My Journey

How to get rid of broken images on site?

February 19, 2020

πŸ› We all know that broken images don’t look good and they give a very bad user experience.

 Looks good?  Definitely no!

πŸ‘‰ While working on a project, instead of showing an alt text if the image is broken, I wanted to show some other alternate image. For this, first, I needed to check if the image is broken then show the alternate image.

πŸ‘€ I looked for solutions and some people were doing it by styling broken images which is also good but this was not the solution I was looking for.

πŸ™Œ I came to know about @error event on images and this proved really helpful.

πŸ‘¨β€πŸ’» Let’s explore this with a code example:

πŸ˜• without @error

If we don’t use @error and just provide the alt text, it looks ugly.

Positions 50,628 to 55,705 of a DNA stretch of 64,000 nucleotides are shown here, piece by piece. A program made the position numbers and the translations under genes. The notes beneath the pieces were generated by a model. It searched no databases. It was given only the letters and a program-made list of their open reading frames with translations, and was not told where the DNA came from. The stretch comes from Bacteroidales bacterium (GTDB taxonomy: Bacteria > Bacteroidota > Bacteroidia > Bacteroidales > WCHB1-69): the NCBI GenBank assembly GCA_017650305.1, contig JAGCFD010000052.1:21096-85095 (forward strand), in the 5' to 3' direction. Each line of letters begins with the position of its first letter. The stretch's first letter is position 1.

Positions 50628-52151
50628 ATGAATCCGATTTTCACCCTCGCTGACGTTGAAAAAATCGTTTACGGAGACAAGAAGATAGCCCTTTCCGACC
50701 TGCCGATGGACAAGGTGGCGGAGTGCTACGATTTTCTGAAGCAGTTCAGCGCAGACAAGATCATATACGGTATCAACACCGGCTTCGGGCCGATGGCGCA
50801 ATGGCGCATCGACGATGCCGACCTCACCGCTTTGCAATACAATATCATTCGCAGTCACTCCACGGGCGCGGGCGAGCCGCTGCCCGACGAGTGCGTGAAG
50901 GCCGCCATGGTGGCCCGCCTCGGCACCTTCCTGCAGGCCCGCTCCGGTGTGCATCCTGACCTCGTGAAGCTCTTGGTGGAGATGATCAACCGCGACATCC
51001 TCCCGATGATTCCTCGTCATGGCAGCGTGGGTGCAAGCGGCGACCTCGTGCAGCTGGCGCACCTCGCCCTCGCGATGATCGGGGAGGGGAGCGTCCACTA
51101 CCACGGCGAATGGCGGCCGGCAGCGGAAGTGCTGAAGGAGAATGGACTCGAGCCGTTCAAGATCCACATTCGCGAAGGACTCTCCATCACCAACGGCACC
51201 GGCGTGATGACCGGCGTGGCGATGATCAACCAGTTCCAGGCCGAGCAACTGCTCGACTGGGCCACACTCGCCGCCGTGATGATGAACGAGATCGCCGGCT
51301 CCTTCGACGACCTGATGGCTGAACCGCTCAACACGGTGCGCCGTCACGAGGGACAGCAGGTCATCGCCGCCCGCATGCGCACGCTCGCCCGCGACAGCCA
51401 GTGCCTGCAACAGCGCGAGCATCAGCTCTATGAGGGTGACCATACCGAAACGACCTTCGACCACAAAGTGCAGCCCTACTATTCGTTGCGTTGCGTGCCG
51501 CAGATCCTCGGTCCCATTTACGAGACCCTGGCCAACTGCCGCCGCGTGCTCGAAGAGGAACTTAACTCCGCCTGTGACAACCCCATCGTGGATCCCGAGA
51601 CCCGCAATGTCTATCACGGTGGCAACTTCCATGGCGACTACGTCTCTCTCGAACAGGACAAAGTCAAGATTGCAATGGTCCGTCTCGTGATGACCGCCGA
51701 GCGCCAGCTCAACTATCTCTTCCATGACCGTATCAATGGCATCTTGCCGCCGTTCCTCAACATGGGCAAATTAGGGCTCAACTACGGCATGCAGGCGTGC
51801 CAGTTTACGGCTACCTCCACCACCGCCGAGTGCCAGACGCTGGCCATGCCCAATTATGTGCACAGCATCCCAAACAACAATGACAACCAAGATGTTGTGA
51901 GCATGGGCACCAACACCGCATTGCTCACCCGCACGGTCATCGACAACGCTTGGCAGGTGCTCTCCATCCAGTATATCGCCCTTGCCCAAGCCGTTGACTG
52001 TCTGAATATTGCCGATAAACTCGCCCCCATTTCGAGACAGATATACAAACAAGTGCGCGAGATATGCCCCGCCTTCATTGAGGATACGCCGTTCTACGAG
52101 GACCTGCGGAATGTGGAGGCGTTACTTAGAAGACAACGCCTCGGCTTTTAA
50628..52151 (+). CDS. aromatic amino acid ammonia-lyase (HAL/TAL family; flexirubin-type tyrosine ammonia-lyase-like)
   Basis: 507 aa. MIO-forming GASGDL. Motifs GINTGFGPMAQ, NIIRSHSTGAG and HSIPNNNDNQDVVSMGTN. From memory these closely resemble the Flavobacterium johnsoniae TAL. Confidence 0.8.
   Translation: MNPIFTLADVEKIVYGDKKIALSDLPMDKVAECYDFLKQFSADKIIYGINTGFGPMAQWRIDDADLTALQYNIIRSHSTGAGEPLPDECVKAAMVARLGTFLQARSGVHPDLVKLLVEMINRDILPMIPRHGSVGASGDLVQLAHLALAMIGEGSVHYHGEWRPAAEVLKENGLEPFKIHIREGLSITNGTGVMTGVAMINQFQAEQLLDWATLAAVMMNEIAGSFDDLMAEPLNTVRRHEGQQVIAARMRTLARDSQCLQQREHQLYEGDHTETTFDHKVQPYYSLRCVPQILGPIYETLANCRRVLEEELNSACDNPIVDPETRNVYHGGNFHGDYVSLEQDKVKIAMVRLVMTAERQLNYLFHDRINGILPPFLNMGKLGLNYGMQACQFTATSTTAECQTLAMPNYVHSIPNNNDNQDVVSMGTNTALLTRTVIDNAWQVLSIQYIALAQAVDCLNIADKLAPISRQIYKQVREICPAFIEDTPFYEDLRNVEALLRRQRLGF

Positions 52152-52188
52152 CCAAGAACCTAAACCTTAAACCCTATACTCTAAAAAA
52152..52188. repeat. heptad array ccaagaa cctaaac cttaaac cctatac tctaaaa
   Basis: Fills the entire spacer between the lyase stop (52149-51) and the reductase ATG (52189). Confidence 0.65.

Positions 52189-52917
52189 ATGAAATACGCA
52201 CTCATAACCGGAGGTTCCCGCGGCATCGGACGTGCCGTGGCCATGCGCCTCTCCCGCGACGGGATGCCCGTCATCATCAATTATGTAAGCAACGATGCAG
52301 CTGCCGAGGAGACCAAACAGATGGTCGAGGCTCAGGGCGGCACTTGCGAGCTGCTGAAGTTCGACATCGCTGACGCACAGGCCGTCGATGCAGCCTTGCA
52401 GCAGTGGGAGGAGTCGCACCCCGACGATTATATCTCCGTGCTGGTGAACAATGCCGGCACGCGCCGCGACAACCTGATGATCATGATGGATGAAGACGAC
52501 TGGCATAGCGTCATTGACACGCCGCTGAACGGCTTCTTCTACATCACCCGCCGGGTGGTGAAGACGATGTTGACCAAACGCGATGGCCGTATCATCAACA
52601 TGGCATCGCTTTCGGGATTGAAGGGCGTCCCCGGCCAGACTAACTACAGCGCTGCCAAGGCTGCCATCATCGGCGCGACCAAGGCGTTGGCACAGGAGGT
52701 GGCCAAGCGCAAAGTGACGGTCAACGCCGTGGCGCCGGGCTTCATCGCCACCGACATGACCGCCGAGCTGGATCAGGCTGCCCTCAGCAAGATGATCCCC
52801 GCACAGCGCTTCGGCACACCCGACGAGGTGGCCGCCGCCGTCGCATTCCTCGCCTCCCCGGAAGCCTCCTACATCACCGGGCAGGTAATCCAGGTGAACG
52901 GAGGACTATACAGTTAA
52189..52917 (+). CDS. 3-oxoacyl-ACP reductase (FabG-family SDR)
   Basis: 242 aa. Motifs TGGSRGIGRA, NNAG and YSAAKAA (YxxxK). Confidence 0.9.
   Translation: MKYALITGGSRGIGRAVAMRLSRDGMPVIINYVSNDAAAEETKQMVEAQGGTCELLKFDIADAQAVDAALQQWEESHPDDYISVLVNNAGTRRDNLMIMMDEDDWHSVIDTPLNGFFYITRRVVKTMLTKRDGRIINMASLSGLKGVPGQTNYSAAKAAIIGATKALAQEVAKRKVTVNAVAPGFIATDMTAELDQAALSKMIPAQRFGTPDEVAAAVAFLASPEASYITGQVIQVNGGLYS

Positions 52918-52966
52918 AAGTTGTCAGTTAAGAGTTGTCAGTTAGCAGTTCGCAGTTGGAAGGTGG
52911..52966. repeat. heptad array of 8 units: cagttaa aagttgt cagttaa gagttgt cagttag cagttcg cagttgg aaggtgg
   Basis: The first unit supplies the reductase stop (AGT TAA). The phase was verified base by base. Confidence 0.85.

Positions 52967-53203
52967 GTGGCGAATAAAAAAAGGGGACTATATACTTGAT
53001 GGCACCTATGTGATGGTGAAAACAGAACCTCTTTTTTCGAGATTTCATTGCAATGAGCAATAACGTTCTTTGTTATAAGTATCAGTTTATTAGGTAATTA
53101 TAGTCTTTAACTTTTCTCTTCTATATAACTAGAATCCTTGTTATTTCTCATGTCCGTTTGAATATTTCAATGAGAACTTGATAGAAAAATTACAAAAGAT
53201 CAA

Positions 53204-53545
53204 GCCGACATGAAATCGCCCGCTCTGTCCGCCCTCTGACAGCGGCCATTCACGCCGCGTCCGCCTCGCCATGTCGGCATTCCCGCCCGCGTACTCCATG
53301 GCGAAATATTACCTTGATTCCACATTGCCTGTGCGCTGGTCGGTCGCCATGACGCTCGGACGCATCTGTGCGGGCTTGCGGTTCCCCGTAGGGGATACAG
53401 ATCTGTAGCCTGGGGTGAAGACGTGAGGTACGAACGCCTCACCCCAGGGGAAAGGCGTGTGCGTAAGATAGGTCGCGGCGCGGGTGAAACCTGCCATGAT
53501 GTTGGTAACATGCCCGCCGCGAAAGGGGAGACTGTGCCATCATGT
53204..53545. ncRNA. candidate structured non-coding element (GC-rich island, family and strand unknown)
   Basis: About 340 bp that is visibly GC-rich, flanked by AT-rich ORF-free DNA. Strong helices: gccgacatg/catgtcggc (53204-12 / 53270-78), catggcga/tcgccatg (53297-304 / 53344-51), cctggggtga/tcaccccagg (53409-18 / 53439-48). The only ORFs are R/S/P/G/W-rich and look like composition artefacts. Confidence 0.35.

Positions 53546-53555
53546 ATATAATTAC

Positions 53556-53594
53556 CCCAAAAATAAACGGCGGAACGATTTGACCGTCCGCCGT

<template> 
    <img class="image" :src="source" alt="mountains" > 
</template> 

mountains

😍 with @error

By using the @error event on images, we can show the alternate image if the original image is broken or not loaded for any reason. @error will only call the provided method if there is any error in loading the original image.

<template> 
    <img class="image" :src="source" @error="setAltImg" alt="mountains" > 
</template> 

imgUrlAlt is the method that sets the image’s src to alternate image.

setAltImg(event) { 
    event.target.src = "working-image.jpg" 
} 

Yasss loaded

πŸ’― Conclusion

I really liked achieving the same thing in 3-5 lines with @error and avoiding writing extra 10-15 lines of CSS.


Zahid Jabbar

πŸ“ Thoughts by Zahid Jabbar.
Who aspires to be a full-stack developer.